by Emily Smith
Social distancing as a result of COVID-19 may have separated us as a community physically for some time, but the community spirit of goodwill, generosity, and helping others carries on, now, when it’s needed most, across our county and state.
Nearly 300,000 South Carolina jobs (roughly 1 in 10) are in the hospitality and tourism industry; approximately 80,000 of those are in Horry County alone. To offset the financial impact COVID-19 is having, the South Carolina Restaurant and Lodging Association (SCRLA) partnered with Scofflaw Brewing Co. at the beginning of April to create the South Carolina Hospitality Employee COVID-19 Relief Fund. The fund will reduce some of the financial losses that the employees in this industry are facing.
As a show of support for the frontline health care professionals, a young South Carolina boy and his family have been working together to create wooden red crosses to sell. All proceeds from the project go directly to children’s hospitals throughout our state. Sales first began with neighbors, but have since extended to other states including Florida and New York.
Ignite Church, with two locations in Myrtle Beach and Conway, has been working with Meals on Wheels every Saturday afternoon to provide food for anyone in need. While still providing spiritual “food” every Sunday virtually, many church members have been working hard to provide nourishment for the body as well.
When Tidelands Health reached into their stockpile of masks, they found the elastic strands to be too corroded for use. When local resident Tara Grinna found out that thousands of masks would have to be thrown away, she stepped in with a creative way to eliminate them from the landfill, and give them a vital purpose to boot.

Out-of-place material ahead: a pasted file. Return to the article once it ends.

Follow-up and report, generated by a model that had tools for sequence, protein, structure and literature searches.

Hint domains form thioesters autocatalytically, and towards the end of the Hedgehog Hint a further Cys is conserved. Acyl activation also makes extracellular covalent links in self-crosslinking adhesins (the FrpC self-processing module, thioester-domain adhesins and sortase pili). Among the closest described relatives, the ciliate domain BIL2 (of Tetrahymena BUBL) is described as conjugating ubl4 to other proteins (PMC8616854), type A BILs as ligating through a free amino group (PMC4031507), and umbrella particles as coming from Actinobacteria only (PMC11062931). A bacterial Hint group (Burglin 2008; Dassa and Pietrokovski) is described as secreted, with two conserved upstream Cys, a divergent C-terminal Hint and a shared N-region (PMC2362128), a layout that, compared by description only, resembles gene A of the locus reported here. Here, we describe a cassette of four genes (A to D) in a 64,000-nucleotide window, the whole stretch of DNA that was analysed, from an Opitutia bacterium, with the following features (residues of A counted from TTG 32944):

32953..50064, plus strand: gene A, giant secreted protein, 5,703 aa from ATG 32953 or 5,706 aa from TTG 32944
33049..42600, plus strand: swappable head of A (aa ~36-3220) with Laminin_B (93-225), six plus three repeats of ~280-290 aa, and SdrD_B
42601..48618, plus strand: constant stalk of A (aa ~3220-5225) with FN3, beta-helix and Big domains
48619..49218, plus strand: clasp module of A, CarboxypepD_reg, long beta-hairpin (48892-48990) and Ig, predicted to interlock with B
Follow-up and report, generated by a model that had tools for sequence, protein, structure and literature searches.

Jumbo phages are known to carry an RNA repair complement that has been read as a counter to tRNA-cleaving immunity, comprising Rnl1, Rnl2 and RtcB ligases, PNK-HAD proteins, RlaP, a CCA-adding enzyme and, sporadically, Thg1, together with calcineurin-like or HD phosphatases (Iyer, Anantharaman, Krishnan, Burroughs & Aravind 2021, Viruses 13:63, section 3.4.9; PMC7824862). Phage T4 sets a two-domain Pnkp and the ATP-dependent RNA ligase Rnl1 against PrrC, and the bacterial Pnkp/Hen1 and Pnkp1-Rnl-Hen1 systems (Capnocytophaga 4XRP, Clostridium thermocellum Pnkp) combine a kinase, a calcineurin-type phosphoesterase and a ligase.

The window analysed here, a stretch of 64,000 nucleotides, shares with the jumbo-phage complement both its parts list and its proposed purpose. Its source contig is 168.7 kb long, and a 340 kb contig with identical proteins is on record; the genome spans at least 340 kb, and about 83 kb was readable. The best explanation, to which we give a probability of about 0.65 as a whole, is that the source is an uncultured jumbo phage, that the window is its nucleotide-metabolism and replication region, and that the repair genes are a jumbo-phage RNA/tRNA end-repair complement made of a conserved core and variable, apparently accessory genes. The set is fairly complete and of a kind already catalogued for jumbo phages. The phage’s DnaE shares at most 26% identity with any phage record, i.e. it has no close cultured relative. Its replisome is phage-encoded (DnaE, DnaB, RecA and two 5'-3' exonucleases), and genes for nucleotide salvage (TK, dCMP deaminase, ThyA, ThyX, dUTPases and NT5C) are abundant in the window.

As the owner of Tara Grinna Swimwear in Myrtle Beach, Tara opened her Conway factory and asked for volunteers to help. Using the sewing machines in her factory and elastic strands donated from a local textile company, the volunteers refurbished and redistributed the masks.
Across Horry County, vigils and prayer services have been held in keeping with CDC guidelines for social distancing, to show appreciation for our many hard workers in the healthcare industry.
Friends and neighbors in Carolina Forest have been working together to help too: some make face masks for others in need, others volunteer to do shopping for those who are elderly, have pre-existing medical conditions, or are considered in a high-risk group.
Physically, we’re remaining more apart, but mentally and emotionally, we support one another and stand together, both in Carolina Forest as well as across the state. The good that people continue to do uplifts and inspires us all to offer what we can to others.